At the IPU National Pharmacy Conference in Galway recently, union officials called on the Minister for Health James Reilly to actively engage with them on establishing a National Minor Ailment Scheme. The Minister was reminded of the IPU survey (2006), which revealed that 86% of medical cardholders are in support of this initiative.
In March this year, the Welsh Government announced plans to introduce a minor ailments service in community pharmacies across Wales. The first services will be in place by March 2013 with phased rollout beginning later that year.
Lesley Griffiths.
“By visiting pharmacists rather than GPs for minor ailments, patients will not need to make an appointment, but they will still be able to get any necessary medicine without charge. This will free up GP time for dealing with more complex conditions, and may also decrease waiting times for appointments,” remarked Welsh Health Minister Lesley Griffiths.
This endeavour to promote a more appropriate use of GP and community pharmacy skills has proved successful in Scotland and the UK. Under the Scottish system, which was introduced in 2006, patients register voluntarily in a pharmacy of their choice and the patient's GP is informed. This enables individual patient usage to be monitored through the pharmacy. There is a potential patient safety benefit and the risk for abuse of the scheme is removed, since patients can only use one pharmacy.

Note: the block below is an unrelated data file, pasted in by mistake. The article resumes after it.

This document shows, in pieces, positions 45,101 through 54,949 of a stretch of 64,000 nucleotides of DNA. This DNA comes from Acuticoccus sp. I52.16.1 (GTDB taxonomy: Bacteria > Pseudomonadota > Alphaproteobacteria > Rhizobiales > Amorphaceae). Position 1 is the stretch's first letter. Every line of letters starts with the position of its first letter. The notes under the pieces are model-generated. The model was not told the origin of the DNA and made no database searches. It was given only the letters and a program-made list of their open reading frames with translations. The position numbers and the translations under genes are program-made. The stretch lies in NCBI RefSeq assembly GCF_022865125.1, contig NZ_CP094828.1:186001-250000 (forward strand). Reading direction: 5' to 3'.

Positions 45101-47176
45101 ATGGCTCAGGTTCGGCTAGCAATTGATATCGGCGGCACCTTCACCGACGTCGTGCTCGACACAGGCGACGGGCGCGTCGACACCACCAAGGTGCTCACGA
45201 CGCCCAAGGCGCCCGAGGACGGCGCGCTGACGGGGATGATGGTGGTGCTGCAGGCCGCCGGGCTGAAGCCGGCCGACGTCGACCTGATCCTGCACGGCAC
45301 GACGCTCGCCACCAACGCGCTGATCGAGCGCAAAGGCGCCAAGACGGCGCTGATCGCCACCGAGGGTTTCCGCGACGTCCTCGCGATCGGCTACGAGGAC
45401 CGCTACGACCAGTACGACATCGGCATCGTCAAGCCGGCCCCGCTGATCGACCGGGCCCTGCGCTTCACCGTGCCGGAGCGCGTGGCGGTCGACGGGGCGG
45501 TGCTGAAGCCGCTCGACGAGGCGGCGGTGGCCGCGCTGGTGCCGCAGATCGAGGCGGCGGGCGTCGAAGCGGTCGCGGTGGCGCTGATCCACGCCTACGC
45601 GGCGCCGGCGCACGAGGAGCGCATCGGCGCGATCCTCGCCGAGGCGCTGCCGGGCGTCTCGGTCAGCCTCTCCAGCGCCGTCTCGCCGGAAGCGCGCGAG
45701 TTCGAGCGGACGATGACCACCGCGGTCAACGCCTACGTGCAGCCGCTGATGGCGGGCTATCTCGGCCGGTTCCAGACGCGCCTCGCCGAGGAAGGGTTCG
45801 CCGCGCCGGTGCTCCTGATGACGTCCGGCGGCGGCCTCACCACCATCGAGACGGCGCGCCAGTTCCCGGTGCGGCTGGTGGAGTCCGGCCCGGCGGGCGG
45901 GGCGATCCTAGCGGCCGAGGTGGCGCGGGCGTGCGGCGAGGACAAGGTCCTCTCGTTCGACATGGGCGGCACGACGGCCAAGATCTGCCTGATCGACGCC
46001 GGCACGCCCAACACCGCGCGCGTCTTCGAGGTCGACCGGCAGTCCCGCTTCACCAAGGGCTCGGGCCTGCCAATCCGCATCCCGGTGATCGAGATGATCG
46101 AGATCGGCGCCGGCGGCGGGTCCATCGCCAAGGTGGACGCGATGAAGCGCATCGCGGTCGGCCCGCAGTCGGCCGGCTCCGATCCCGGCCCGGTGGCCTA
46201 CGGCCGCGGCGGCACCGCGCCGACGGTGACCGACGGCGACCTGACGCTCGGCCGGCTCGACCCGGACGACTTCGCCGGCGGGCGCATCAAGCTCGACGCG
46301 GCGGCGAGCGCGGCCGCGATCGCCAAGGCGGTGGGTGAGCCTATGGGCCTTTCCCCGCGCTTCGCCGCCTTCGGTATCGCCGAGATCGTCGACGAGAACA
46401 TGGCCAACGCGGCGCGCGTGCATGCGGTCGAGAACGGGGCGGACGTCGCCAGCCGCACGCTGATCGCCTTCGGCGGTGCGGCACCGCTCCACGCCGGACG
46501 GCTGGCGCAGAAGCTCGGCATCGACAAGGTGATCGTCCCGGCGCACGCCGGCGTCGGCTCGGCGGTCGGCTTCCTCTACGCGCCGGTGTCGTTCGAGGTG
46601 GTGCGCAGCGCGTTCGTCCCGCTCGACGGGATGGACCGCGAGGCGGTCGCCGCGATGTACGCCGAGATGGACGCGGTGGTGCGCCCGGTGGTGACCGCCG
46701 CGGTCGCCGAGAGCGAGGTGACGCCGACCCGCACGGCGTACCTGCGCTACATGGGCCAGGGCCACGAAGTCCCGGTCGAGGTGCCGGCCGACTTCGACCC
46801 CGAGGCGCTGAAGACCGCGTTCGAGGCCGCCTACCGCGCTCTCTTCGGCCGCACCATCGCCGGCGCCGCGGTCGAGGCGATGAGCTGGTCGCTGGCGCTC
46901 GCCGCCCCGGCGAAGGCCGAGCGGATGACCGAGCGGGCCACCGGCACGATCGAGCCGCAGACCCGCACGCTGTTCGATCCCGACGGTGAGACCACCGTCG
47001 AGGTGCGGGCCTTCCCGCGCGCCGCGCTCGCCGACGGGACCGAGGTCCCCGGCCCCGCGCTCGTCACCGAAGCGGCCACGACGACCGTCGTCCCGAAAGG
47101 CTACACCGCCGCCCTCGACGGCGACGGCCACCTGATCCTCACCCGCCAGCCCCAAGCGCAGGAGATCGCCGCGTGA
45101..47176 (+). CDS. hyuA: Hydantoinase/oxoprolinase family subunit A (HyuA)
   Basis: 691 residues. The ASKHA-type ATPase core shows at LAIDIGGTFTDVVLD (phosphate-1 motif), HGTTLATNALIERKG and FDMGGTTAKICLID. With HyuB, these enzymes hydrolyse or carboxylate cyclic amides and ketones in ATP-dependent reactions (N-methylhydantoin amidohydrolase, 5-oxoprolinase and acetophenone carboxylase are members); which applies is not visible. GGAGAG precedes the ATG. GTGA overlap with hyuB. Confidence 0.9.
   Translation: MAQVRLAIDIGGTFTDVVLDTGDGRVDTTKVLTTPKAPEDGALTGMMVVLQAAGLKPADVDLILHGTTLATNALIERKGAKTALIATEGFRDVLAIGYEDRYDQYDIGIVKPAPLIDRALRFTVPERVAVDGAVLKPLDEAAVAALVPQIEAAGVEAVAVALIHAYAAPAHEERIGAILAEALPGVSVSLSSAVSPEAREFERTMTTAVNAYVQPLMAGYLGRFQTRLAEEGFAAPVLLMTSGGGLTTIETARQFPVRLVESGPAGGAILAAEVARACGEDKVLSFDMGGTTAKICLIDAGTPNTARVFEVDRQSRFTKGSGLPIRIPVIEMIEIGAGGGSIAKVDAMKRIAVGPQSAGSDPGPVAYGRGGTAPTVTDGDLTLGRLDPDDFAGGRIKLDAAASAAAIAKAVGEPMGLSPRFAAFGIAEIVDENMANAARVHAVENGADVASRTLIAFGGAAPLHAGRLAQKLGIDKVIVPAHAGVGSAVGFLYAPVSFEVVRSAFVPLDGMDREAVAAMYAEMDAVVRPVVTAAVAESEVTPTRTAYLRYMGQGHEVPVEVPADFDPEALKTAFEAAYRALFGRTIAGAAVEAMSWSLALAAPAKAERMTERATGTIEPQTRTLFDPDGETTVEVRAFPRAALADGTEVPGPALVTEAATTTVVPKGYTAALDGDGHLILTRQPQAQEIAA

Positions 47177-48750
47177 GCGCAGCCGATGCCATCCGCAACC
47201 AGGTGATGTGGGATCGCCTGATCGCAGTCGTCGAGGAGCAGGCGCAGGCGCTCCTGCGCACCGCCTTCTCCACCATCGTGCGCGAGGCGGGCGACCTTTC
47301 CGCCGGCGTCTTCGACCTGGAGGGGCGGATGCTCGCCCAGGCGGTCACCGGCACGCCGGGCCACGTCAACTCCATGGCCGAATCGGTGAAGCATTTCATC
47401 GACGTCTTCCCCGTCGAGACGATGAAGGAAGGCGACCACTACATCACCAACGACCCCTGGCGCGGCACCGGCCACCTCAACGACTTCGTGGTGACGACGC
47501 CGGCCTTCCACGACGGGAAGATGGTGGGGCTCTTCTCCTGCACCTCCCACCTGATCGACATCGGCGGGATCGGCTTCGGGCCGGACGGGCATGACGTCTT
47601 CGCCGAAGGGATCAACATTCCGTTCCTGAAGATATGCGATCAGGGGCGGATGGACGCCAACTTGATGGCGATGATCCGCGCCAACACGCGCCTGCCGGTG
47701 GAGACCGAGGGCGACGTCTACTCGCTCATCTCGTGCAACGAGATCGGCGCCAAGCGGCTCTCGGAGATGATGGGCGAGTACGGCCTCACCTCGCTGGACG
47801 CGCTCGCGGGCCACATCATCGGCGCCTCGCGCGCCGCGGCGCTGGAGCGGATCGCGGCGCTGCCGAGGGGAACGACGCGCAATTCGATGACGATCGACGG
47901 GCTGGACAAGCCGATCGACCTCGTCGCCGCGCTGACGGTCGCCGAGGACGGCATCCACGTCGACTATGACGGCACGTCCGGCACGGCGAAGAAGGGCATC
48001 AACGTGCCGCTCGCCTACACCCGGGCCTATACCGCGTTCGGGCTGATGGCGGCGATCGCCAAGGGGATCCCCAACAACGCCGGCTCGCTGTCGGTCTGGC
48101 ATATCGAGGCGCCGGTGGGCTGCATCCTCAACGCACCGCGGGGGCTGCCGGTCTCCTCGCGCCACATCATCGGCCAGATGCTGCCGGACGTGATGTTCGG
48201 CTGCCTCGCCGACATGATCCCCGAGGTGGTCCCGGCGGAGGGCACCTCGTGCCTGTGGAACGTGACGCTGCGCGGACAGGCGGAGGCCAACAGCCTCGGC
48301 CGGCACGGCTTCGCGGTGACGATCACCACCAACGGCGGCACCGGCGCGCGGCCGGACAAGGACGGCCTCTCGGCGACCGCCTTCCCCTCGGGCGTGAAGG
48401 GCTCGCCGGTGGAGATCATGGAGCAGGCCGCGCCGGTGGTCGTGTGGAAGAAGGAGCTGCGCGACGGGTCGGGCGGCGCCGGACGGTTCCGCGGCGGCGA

Payment is on a capitation basis determined by the number of patients registered, plus reimbursement for the cost of medicines supplied.
After just two years in operation, a review of the service found that there were 70,000 consultations per month in Scottish pharmacies that previously would have taken place in GP surgeries, and the average cost of medicines prescribed by pharmacists under the scheme was lower than those prescribed by GPs under the same circumstances.